The University of Virginia’s board is exploring how to improve its approach to governance in the aftermath of the June crisis that saw President Teresa Sullivan reinstated less than three weeks after her forced resignation.
The Board of Visitors, headed by Rector Helen Dragas, established a committee on governance and engagement and a separate one on strategic planning, the university said in a statement yesterday.
Addressing one of the issues that Dragas raised in her effort to fire the president, Sullivan told the board she would bring a plan for faculty salaries to the group in September. She also said she would start a “Big Data” initiative for research and teaching in the analysis, security and assembly of large quantities of information.
At a retreat in Richmond that ended yesterday, the board discussed how to improve communication among its members and with Sullivan, and how to develop a strategic plan for the college. While calls for Dragas to resign persist, the embattled rector said she won’t step down and believes that the college, founded in 1819 by Thomas Jefferson in Charlottesville, stands ready to take on challenges facing all of higher education.
“All eyes are on us now as we address these issues so actively,” Dragas said in a telephone interview after the meeting ended. “Our entire university community is collectively engaged.”
The strategic planning process will help the school address urgent issues that face UVA and many other colleges, such as how to cope with dwindling funds and better implement technology in education, Dragas said in the interview. Stagnant salaries have made it more difficult for the university to recruit and retain top faculty, she said in a June 21 letter to the university community.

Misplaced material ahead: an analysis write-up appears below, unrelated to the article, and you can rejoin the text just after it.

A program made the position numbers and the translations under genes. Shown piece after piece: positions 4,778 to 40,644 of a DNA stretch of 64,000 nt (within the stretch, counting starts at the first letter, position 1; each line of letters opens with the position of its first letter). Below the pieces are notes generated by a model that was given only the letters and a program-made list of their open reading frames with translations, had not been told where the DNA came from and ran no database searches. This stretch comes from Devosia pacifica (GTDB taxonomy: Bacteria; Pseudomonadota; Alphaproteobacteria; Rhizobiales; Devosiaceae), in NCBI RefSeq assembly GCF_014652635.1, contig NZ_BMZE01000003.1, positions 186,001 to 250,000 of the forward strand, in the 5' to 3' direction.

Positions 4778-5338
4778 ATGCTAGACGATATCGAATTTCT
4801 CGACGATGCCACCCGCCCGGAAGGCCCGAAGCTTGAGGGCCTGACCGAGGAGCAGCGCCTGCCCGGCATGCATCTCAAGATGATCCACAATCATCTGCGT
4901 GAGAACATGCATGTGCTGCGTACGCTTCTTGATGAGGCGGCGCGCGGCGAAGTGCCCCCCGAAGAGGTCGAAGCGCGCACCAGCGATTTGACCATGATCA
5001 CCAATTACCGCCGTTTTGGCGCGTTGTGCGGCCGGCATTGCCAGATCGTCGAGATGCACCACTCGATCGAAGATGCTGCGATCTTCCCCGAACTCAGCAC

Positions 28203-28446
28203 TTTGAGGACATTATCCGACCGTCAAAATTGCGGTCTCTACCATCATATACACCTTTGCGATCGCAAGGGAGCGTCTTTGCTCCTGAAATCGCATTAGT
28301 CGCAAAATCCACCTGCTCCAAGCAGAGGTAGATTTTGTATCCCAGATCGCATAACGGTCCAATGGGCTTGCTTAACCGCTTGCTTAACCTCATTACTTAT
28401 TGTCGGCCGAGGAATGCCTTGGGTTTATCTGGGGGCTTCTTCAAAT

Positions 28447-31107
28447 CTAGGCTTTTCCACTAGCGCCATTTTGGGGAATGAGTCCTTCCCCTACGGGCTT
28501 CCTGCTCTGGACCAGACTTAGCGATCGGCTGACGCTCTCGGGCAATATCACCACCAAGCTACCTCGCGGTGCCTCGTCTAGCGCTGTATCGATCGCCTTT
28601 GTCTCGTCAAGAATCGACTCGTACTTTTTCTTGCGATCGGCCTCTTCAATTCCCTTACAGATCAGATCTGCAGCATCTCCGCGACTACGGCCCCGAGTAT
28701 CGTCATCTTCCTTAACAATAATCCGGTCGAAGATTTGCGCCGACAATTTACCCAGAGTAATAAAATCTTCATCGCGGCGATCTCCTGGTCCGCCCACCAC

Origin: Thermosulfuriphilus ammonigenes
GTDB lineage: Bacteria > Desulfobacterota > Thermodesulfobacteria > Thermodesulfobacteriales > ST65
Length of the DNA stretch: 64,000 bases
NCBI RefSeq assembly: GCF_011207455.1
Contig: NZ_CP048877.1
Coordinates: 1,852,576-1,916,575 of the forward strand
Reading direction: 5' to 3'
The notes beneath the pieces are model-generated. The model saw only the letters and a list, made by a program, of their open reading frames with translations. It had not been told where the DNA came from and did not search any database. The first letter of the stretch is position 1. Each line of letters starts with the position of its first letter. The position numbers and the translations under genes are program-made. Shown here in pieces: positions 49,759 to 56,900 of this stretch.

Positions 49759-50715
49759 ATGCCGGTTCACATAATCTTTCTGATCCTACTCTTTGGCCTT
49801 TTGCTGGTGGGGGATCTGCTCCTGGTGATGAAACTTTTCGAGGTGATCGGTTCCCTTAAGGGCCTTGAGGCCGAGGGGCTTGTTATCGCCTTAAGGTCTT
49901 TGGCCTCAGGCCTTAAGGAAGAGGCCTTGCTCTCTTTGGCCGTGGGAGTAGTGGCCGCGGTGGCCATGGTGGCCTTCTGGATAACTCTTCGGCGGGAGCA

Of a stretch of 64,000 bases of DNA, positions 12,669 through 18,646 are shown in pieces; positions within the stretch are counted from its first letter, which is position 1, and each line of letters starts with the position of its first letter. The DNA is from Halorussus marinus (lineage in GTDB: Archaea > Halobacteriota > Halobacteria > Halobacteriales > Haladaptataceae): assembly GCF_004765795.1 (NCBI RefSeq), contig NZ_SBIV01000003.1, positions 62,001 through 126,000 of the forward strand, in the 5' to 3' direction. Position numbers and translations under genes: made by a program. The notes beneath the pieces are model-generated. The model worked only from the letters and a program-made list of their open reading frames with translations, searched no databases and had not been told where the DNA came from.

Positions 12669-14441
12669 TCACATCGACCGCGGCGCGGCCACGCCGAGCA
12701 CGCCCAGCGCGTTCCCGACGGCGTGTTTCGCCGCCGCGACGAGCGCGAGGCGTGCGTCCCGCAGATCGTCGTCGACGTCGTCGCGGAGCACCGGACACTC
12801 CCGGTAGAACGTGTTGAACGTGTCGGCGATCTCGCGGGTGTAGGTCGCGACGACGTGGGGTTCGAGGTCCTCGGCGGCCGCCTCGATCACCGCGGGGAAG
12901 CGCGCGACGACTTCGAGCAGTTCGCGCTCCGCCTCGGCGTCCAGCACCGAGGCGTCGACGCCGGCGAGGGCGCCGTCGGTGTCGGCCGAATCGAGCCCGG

“The board looks forward to receiving President Sullivan’s plan for addressing faculty salary issues,” Dragas said in the interview. “It’s wonderful that she’s looking to proactively address it.”
The university recently released hundreds of e-mails in which alumni called for Dragas to resign from the board because of her efforts to unseat Sullivan. Dragas declined to discuss those actions. When asked whether the board supported her at the retreat, Dragas said that they had, and that she has no plans to resign.
“I really, truly believe the issues are too important and I want to be part of the solution,” she said. “It’s always been my desire to contribute to the well-being of the university.”
Sullivan was forced to resign June 10, and was reinstated by the board June 26 after protests roiled the campus. In explaining the ouster, Dragas cited a number of institutional challenges that had to be met, such as decreased educational funds, the rise of online education and competition for faculty and student applicants.
The crisis at UVA shined a bright light on the financial, academic and administrative issues that face even the top echelons of U.S. colleges, said Anne Neal, president of the American Council of Trustees and Alumni in Washington.